Black responded by announcing he would sell his stake in Hollinger Inc. to Press Holdings International, a British conglomerate run by twins David and Frederick Barclay.
The U.S. Securities and Exchange Commission obtained a court order against Hollinger International to force its executive to protect its corporate assets even if a sale went through.
The SEC couldn't block the sale directly because it involved Hollinger Inc., a Canadian company.
The SEC said reports filed by Hollinger International contained errors regarding transfer of assets to other companies in the Hollinger family.
August 31, 2004 - the U.S. Securities and Exchange Commission made public a report by a special committee of Hollinger International which alleged "racketeering" and "corporate kleptocracy."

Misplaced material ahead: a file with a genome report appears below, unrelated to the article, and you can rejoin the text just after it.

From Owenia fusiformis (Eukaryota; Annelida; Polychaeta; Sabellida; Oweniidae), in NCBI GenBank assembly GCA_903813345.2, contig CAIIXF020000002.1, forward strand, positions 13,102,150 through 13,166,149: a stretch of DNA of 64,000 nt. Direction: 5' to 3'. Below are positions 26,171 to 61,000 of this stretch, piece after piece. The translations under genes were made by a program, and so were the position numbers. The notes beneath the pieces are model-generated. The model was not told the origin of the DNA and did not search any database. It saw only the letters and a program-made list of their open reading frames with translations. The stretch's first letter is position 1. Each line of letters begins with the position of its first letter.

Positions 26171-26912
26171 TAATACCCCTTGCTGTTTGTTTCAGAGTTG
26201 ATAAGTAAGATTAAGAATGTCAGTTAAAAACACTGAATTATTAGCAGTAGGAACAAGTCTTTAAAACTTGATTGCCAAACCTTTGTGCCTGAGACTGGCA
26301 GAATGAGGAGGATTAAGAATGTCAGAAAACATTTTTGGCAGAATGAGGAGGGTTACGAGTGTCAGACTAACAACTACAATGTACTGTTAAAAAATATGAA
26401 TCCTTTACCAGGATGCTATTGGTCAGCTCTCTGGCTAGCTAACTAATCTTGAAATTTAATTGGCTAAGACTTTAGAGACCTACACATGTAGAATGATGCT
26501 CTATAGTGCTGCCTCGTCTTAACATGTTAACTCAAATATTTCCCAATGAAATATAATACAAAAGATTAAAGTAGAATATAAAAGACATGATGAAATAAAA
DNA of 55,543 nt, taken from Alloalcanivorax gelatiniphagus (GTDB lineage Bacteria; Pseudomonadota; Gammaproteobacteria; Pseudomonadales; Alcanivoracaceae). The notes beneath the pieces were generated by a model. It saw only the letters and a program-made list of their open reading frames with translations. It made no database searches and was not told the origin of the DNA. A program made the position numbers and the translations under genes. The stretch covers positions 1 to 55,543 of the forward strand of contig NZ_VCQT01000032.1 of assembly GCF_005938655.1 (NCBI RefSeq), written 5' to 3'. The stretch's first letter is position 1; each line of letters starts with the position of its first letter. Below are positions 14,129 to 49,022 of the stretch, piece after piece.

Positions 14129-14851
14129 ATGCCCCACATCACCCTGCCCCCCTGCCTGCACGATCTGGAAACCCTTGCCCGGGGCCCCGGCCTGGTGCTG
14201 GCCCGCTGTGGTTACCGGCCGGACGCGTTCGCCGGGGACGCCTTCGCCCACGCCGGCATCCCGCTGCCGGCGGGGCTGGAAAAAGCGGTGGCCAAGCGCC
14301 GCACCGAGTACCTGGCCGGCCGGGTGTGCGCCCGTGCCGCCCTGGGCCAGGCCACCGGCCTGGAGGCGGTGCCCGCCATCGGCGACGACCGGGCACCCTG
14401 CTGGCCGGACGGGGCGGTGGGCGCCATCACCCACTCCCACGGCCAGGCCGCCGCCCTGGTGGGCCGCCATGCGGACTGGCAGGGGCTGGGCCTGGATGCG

The report said Black and other executives took hundreds of millions of dollars they weren't entitled to.
It accused controlling shareholders and their affiliates of paying themselves more than $400 million since 1997.
Black's holding company, Ravelston Corp., dismissed the report, saying there were "factual and tainting misrepresentations and inaccuracies" and that the issues would be resolved in court.
September 2004 - a group of Canadian investors launched a class-action lawsuit against Black and his associates seeking at least $4 billion in damages.
The suit tried to recover market losses that may have been caused by controversies involving Black's management and allegations he and his associates took hundreds of millions of dollars they weren't entitled to.
October 8, 2004 - the $1.25-billion US racketeering lawsuit against Black brought by Hollinger International was thrown out by a U.S. federal court judge, but that wasn't the end of Black's legal troubles.